Education has vanished from the top of the government's agenda. It barely rated in the chancellor's pre-budget report. The contrast with earlier this year, when higher education made it into party manifestoes, is worrying. Expectations have been raised among staff and students but the cost of meeting those expectations - identified by Universities UK and the Association of University Teachers in their evidence to the comprehensive spending review - is far above anything that can be expected from the Treasury, even if taxes rise. The only way out now may be to give universities greater freedom - on clearly specified terms - to solve their own problems.
What has changed is not just recession - that was expected. September 11 changed the political situation. The government is now prepared to tax to finance big spending on health but not universities. The higher education minister was adamant this week that there would be no extra money to reward improvements in research before the new spending settlement. She had already said there would be no additional money for students. All hopes are now pinned on the outcome of that review - Jbut even if higher education gets extra money, it will not be enough and cannot come on stream before 2003.
Meanwhile, potential students may opt en masse for a gap year next year in the hope of a better deal in 2003, threatening funding as numbers fall short. Top research institutions have mortgaged their future, confident of getting extra cash from the research assessment exercise, but the Higher Education Funding Council for England cannot "fully fund the outcome" as the chief executive told last week's annual meeting. The council can meet only about a third of the extra cost from money it already has.
The crunch comes just when universities are beginning seriously to address the class divide in higher education by helping schools and further education colleges pull through more young people from 16 onwards. At last, in the form of the Excellence Challenge and Hefce's postcode premium, universities have a funding stream to follow. And, as they have proved with the research assessment exercise, they are good at following funding streams.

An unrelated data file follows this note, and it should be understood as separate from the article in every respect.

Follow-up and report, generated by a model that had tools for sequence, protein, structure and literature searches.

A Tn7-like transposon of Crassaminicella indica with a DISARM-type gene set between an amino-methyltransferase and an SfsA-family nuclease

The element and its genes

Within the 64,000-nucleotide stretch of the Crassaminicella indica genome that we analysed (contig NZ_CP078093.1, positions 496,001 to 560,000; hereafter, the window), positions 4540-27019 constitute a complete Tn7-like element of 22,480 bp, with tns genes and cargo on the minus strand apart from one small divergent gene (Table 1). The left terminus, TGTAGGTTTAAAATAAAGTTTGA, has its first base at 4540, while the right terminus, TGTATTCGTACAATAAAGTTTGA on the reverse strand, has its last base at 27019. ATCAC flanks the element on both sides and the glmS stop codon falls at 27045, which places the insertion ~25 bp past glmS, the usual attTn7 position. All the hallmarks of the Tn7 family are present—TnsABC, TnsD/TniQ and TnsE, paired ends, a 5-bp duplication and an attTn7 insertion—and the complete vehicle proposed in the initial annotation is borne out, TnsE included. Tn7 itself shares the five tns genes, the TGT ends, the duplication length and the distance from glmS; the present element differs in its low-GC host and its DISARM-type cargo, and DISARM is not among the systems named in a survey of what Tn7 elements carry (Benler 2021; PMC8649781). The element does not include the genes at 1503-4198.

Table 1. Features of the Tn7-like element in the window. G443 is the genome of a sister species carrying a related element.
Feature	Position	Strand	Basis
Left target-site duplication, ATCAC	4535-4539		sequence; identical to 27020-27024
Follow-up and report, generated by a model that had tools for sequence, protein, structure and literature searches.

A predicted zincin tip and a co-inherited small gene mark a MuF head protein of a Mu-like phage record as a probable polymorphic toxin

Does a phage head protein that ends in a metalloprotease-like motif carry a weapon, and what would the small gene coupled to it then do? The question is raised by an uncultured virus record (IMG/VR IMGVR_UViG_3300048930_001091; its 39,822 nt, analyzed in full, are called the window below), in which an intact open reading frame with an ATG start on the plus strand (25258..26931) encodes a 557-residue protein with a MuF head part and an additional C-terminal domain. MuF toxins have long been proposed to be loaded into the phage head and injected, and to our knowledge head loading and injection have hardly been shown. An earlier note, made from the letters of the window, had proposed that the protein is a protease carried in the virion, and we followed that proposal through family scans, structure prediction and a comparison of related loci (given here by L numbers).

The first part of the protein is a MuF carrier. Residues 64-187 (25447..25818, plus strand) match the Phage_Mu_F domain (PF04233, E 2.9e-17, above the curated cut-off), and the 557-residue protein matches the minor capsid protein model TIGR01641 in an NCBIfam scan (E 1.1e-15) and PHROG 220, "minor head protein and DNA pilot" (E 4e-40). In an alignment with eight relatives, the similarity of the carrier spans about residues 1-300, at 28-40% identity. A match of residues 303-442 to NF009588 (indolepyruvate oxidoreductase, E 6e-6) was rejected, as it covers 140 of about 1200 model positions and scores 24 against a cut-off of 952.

Two years ago, The THES visited a number of universities looking at their widening participation initiatives. The initiatives tended to be ad hoc , often inspiring, but rarely university-wide, let alone sector-wide. Now Oxford, for example, has a coordinator for all its Excellence Challenge work. And those keen on widening participation in Oxford Brookes University have a funding carrot and a poor benchmark performance stick to persuade their colleagues. Coordinators working with universities in the Excellence in Cities areas argue that the challenge has focused university minds in a way that was long overdue. This is the kind of work for which the funding council hopes to develop more generous funding incentives. Now its scope looks severely limited.
But paradoxically, it may be that the push to widen participation opens a new political avenue for a government willing to think creatively. It could allow universities to charge higher fees but impose clear widening-participation requirements and fines for failure. It could insist that poor students form a healthy percentage at all the strong research universities and make sure the middle classes can finance the cost. The outcome to avoid is that only the poor and the wealthy go to Oxbridge. This way the research elite could flourish, but not at the expense of poor students or fellow universities. We need to find a way in which everyone can win, and this may be the only possibility. At the moment everyone is losing.